BERLIN: The EU should recognize a Palestinian state after the US expressed support for Israeli settlements in the occupied West Bank, Luxembourg Foreign Minister Jean Asselborn said.
Monday’s announcement by Secretary of State Mike Pompeo abandoned the position that settlements in Israeli-occupied territory were “inconsistent with international law,” reversing a stand taken under President Jimmy Carter in 1978.
Palestinians say the settlements jeopardize their goal of a state in the West Bank and Gaza Strip, with East Jerusalem as its capital, and that the US move will make an Israeli-Palestinian peace deal even more elusive.
“Recognizing Palestine as a state would be neither a favor nor a carte blanche but rather a mere recognition of the right of the Palestinian people to its own state,” Asselborn said.
“It would not be meant against Israel,” he added, but a measure intended to pave the way for a two-state solution.
The US decision was a victory for Israeli Prime Minister Benjamin Netanyahu, who is struggling to remain in power after two inconclusive Israeli elections this year, and a defeat for the Palestinians.
It could deliver a new blow to President Donald Trump’s efforts to resolve the Israeli-Palestinian conflict through a peace plan that has been in the works for more than two years but has drawn widespread skepticism even before its release.
The EU said after the US announcement that it continued to believe that Israeli settlement building in occupied Palestinian territory was illegal under international law.
The European Parliament adopted a resolution in 2014 supporting Palestinian statehood in principle. The motion was a compromise reached after lawmakers on the left sought to urge the EU’s 28 member states to recognize Palestine unconditionally.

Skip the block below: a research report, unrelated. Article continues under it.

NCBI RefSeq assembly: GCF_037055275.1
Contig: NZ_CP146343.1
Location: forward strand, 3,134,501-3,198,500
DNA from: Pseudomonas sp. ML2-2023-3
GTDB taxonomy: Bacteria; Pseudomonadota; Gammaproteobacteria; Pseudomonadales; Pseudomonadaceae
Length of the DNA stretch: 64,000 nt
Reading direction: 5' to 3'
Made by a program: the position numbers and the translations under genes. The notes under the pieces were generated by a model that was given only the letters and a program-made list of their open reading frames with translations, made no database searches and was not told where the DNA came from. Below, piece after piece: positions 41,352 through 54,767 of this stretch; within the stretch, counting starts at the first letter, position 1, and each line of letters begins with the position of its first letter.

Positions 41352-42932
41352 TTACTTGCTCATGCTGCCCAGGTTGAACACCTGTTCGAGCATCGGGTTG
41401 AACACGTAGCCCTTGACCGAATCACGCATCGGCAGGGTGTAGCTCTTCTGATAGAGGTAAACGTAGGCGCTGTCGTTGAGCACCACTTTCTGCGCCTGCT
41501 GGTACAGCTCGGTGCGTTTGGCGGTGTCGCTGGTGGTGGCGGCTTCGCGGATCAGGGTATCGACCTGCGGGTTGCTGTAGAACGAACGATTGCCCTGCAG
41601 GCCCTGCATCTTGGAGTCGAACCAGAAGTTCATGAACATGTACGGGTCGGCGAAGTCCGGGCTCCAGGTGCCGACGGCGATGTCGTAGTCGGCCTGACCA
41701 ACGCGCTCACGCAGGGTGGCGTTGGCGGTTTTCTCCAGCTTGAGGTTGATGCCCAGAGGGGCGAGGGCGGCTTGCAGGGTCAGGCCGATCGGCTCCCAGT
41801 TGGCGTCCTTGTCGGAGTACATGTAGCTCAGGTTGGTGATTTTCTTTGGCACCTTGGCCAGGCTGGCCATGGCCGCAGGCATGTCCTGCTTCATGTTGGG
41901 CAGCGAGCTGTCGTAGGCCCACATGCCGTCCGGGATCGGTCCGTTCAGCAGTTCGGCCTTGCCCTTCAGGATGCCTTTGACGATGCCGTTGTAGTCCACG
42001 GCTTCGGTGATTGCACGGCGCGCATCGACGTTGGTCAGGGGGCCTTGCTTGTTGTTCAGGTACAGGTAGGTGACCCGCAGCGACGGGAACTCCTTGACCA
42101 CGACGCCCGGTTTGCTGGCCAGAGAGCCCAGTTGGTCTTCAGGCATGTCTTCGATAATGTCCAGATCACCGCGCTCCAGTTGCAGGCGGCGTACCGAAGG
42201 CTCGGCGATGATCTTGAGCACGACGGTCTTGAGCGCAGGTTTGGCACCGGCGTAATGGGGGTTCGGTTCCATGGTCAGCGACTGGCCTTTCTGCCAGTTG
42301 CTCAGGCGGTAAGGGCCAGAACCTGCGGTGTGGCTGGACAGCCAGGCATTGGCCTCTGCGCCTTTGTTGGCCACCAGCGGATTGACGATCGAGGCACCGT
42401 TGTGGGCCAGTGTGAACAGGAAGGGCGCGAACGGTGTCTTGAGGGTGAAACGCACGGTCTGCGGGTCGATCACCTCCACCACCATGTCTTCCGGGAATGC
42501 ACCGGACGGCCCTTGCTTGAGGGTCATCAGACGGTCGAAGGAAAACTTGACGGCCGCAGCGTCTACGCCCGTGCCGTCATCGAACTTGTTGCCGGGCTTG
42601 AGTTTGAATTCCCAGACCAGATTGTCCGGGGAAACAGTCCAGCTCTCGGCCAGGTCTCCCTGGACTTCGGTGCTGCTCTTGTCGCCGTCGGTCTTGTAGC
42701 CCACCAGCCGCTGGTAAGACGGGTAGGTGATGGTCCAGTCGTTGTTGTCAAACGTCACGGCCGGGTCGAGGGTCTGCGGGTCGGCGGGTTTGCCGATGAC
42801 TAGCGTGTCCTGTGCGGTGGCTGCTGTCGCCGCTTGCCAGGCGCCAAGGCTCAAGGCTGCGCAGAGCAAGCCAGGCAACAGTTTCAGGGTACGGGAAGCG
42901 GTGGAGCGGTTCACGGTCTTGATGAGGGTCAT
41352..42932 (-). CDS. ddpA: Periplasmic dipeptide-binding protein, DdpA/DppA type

Since the collapse of US-sponsored peace talks in 2014, Israel has pressed on with building settlements in territory the Palestinians want for their future state.
More than 135 countries already recognize a Palestinian state, including several East European countries that did so before they joined the EU.
Netanyahu’s chief rival announced that he had failed to form a new government, dashing his hopes of toppling the long-time Israeli prime minister and pushing the country closer toward an unprecedented third election in less than a year.
The announcement by Benny Gantz, leader of the centrist Blue and White party, prolongs the political paralysis that has gripped the nation for the past year. It also provides a new lifeline for the embattled Netanyahu, who is desperate to remain in office as he prepares for an expected indictment on corruption charges, possibly as early as Thursday.
Gantz, a former military chief, was tapped to form a government last month after Netanyahu failed to cobble together a coalition in the wake of inconclusive
But during four weeks of intense negotiations, Gantz was unable to muster the support of a required 61-member majority in the 120-seat parliament by Wednesday’s midnight deadline.
Addressing reporters, Gantz accused Netanyahu of scuttling attempts to form a broad-based unity government between
“He should have come to terms with the fact that the outcome of the elections required him to negotiate directly, with no blocks or barriers,” Gantz said angrily.
“Most of the people chose a liberal unity government headed by Blue and White,” he added.
“Most of the people voted to weaken the power of extremists, and most of the people voted to go on a different path from that of Netanyahu in recent years.”